I would consider myself pretty tech-savvy. I by no means am a technological expert, but I have had my fair share of phone calls from both sets of grandparents asking how to do this and that on their new iPhones and MacBooks. I have even had my roommates ask me to install their printers because I’m “the one that’s good with techy stuff.” How is it that I arrived at this place, though?
I got my first Xanga account when I was in fifth grade. I believe my username was “michaelluver13” in honor of my very serious elementary boyfriend. Next came AOL Instant Messenger. This is where I first learned to code, even though I did not know at the time that this is what I was doing. You could always find an “♥” at the end of my away message. Pretty soon I started to hear about Facebook from my older sister, who I always wanted to be just like, but would never admit it to her. She was in High school, which I’m pretty sure at this point you were supposed to at least be High School aged to create an account. So for the first time I figured out which year I needed to say I was born in order to lie about my age and get an account. I also found myself lying to my mom about just how many accounts I was keeping up with online.
My familiarity with the online world at a very early age has clearly shaped who I am today. I actually see the effects every day. I do not think I have asked anyone for help concerning anything technological in a very long time. I like to find the shortcuts, and I like to figure this stuff out on my own because I can. That can be as simple as double tapping the uppercase button on my iPhone to capitalize an entire message, or as complicated as the three finger swipe up on my MacBook trackpad to view all of my open windows. Despite the fact that these are seemingly small qualities I now have, they play a huge part in who I am and what I can do online. I did very well in a computer science class my senior year of high school, and while I in no way want to pursue a career that surrounds technology, I know I could do if it I needed to. Without all of my prior Internet experience, I would be hard pressed to catch on to the lingo and keep up with the ever-changing digital world.
One major change I have seen over time online is specifically altered advertising for the user. Either this technique did not exist in my early Internet-usage years, or I was just too young to notice. Whatever the case, in recent months, I have come across more specifically placed advertisements than ever before, and frankly it is terrifying to me. One of the most frightening is one that I have come across on Facebook. Granted I do have listed that I am currently a student at UT, but it never ceases to give me the chills when I get ads for apps about UT, or pop ups for West Campus housing. These people know where I go to school, and they know where I live. The Internet has a very clear history of everything online purchase I have ever made, or even thought about making, and it is quick to remind me of that on every site I frequent. They just know too much. My mom has always made a habit of reminding me what I put online. I used to take her advice very seriously, but that was only because I did not want to show up on the news as the next young girl to be cyber-stalked and stolen. That, however, doesn’t seem to be the issue anymore. Privacy is very much dead, and at this point I don’t see what we, as online participants, can do about it. The information is out there; delete does not exist anymore; this is a terrifying place to be.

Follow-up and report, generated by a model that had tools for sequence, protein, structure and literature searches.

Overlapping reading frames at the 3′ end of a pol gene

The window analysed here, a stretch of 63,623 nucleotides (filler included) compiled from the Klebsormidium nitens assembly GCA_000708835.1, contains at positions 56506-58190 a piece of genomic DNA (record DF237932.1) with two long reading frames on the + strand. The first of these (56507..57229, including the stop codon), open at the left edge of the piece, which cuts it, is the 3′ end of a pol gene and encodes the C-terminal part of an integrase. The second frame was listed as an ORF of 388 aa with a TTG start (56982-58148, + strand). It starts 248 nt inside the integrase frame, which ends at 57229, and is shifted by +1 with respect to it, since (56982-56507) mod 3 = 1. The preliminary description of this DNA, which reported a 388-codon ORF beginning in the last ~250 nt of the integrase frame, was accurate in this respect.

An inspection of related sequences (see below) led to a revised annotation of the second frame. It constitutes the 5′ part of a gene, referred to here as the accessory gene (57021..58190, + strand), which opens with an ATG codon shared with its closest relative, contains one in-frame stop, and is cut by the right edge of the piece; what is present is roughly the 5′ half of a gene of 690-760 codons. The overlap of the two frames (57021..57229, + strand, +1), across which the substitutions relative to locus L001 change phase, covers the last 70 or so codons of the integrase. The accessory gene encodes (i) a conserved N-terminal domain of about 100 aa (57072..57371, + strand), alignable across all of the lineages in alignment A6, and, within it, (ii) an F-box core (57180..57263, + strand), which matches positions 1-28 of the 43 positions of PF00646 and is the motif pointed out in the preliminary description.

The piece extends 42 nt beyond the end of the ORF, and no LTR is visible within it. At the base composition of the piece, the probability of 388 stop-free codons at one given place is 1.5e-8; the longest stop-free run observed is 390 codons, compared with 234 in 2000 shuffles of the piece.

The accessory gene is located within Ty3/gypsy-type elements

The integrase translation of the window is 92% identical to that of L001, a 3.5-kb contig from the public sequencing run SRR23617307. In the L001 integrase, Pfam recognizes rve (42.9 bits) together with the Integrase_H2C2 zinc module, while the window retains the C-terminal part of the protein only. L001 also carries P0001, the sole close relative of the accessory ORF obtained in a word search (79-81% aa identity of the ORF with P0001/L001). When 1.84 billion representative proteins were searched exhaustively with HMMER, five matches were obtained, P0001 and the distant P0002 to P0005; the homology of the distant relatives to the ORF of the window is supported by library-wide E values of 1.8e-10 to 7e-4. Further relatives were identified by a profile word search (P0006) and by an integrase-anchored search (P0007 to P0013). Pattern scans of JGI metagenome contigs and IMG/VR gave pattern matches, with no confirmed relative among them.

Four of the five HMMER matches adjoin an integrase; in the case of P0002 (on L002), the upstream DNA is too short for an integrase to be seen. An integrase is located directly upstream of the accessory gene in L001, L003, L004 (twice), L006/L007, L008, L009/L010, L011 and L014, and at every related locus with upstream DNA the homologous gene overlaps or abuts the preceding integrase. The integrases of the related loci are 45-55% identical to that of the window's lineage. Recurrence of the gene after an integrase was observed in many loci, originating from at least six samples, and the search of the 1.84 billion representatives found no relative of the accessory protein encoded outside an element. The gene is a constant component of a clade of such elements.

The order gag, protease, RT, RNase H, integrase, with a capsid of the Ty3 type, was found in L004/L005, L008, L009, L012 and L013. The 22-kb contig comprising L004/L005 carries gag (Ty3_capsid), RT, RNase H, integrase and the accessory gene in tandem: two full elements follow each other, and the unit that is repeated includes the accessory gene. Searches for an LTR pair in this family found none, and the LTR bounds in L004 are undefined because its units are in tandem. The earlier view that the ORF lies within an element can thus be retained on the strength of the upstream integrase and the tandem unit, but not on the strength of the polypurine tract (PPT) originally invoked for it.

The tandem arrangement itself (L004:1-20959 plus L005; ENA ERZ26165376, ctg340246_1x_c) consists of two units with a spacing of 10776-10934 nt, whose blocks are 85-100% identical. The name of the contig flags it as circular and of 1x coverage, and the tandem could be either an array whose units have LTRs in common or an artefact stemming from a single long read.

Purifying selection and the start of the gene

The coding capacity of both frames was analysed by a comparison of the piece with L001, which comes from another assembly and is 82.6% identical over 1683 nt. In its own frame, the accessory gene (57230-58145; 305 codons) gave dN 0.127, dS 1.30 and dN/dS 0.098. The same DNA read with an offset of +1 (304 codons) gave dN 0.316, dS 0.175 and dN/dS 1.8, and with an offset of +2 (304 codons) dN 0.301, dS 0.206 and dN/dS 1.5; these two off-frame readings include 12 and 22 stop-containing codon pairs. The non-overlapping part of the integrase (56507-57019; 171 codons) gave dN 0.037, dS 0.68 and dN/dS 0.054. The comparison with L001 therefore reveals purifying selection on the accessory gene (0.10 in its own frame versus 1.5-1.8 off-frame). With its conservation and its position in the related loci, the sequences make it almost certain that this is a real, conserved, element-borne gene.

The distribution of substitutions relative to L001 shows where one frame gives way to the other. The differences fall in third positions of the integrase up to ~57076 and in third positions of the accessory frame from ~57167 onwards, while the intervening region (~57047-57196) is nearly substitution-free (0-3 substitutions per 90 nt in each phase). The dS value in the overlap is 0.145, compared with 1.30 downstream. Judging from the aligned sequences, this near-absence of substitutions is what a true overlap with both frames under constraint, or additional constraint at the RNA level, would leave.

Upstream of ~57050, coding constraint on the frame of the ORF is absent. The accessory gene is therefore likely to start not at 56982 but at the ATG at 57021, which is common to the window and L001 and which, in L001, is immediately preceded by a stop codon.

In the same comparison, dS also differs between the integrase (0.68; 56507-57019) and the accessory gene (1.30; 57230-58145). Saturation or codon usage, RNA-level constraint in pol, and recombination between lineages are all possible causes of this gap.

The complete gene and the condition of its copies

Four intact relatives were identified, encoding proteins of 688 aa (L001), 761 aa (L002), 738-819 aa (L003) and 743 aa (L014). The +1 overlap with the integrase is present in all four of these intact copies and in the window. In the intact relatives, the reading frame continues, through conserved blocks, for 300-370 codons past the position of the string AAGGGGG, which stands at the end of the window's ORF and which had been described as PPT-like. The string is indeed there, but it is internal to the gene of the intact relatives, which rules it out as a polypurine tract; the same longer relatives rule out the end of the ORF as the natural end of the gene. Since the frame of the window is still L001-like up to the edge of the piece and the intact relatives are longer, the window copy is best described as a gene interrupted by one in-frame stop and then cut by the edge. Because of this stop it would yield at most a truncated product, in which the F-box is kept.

If someone wants to know who I am or where I am, I fully believe they can do so. At this point I don’t think there is anything I can do to protect the privacy of my identity because I have already put too much online. Ever since I became a minor conspiracy theorist, however, I have been more careful with what I put out there for people to find. This is nothing like my Xanga days when all I could think about was my next song lyric to post. That fact has greatly affected my production online. I frequent certain sites like Facebook and Twitter regularly, but besides pictures and reading tweets, there is not much that I publish that will help anyone know much about me. My online identity is only formed through the sites I visit and the online shopping I do.
=So maybe, all things considered, we are beating them at their own game. Yeah, sometimes the tailored ads completely work. I see the word Nordstrom on my screen all the time, and it’s always my first spot to hit when I go to the mall. But they don’t know that it’s not the only spot because I haven’t shared that information. It still stands true that the less I produce, the less they know. The less I produce, the less tailored my Internet experience will be. The less I produce, the harder they have to work to figure out who I am and use it against me.